That Sinking Feeling:
Updated: Jan 28
The Problem of Depleting Groundwater Reserves & Water Rights in the San Joaquin Valley
In the very center of California there rests a particularly unique landscape: beginning in the heart of the Cascade Range, sloping southward through lowlands and foothills, flowing through the extensive delta wetlands and all the way to the Tehachapi Mountains in the south. Bounded by the Pacific Coastal Range to the west and the great Sierra Nevadas to the east, the central valley is a 450-mile-long cornucopia containing some of the most agriculturally productive and ecologically important land in the entirety of the continental United States. Composed mostly of small ag towns and mid-size cities, the economic makeup of the central valley often reflects its geography: dominated by agriculture and dotted with pockets of industrial centers that produce an average total of $17 billion every year. With its vast irrigation and canal networks, over 35,000 farms harvest around 250 different crop varieties on more than six million acres, accounting for almost 25% of all food grown here in America. This incredible rate of production, while an impressive feat of engineering and classic American ambition, has a dark side that’s begun to rear its ugly head in recent years in the fight for control of the valley’s hugely important water sources.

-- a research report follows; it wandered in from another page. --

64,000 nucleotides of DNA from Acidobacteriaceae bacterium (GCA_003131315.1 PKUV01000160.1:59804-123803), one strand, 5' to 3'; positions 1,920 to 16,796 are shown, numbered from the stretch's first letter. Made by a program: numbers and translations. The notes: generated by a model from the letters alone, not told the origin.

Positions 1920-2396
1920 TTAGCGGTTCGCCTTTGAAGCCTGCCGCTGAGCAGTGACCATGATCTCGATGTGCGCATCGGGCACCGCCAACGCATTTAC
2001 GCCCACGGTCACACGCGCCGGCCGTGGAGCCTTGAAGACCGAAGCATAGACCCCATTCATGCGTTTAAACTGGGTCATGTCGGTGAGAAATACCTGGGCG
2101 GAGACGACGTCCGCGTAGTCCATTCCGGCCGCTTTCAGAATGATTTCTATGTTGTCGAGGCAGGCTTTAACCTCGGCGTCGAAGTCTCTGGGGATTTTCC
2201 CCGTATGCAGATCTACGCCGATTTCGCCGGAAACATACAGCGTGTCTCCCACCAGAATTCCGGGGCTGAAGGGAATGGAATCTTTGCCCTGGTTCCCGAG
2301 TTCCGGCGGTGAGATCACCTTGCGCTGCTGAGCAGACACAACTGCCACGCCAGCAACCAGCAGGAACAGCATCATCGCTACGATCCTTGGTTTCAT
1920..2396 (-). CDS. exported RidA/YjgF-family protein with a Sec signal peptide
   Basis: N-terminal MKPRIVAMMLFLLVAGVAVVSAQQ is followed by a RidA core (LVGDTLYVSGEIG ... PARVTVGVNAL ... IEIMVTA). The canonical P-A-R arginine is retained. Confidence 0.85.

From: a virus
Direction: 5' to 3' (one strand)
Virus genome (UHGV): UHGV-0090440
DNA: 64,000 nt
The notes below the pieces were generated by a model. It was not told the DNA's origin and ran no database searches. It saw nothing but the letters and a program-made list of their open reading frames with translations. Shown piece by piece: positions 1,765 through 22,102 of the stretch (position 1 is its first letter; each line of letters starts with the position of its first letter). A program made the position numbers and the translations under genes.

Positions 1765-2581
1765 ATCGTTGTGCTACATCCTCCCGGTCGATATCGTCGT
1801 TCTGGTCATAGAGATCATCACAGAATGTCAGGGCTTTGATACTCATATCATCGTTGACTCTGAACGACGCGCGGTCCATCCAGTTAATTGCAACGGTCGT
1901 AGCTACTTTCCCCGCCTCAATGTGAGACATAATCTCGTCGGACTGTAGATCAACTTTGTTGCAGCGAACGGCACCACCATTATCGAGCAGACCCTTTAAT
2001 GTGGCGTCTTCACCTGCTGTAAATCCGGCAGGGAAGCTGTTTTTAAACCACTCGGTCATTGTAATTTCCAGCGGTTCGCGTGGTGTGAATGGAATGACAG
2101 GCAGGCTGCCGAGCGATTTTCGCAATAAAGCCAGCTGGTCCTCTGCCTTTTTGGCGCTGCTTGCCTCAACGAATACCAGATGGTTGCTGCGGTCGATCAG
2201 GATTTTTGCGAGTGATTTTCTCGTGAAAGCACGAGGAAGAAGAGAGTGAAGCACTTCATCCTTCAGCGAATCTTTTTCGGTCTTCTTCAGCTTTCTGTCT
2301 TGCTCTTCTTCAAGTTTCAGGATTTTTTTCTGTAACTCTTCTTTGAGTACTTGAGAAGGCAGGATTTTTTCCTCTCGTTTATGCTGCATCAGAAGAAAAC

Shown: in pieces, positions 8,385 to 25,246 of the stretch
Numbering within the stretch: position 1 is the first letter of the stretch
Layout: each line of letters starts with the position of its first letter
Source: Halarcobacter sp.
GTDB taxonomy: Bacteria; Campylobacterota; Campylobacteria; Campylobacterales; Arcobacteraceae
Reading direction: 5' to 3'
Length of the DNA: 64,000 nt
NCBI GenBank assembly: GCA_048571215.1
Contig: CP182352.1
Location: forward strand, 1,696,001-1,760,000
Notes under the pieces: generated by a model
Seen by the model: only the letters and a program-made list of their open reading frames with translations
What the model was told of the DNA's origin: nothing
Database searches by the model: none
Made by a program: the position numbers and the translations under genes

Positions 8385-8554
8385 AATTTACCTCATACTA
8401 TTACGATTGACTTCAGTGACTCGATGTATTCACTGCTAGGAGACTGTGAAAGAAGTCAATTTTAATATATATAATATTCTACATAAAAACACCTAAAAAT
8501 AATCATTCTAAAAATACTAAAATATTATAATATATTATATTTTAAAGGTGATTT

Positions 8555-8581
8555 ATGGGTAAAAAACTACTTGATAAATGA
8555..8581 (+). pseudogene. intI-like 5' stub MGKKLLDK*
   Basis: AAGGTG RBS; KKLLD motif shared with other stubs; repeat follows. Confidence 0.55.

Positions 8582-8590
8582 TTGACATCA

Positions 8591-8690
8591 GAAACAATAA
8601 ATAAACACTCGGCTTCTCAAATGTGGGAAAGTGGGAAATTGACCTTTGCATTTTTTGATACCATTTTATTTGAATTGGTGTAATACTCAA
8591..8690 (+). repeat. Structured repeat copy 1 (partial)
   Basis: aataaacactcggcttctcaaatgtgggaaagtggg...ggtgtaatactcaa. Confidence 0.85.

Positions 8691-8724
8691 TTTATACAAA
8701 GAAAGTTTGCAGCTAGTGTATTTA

With an ever-expanding population and the relentless push for continuous profit growth as a driving force, more and more land throughout the drier and mostly arid regions of the central valley have begun to be terraformed into highly productive farmland. Especially highly concentrated in the south-central and southernmost sections of the valley, extensive irrigation systems have had to be built out and fed by large, concrete lined canals shuttling in much needed water from the northern delta areas. Due to a wide array of causes (most visibly the often-unpredictable amounts of seasonal rainfall and unintentional diversion of natural snowmelt flow through what are now industrialized areas), in many areas of the central valley farmers and even towns have had to historically rely on the pumping of groundwater reserves to supplement the insufficient surface water. While the utilization of these wells has been a source of survival and even prosperity for many, years of habitual over-pumping (taking out more water than gets returned through both natural and human-assisted means) have led to a secondary problem with a monumental impact: the subsidence of the ground above the valley’s increasingly hollowed out groundwater basins.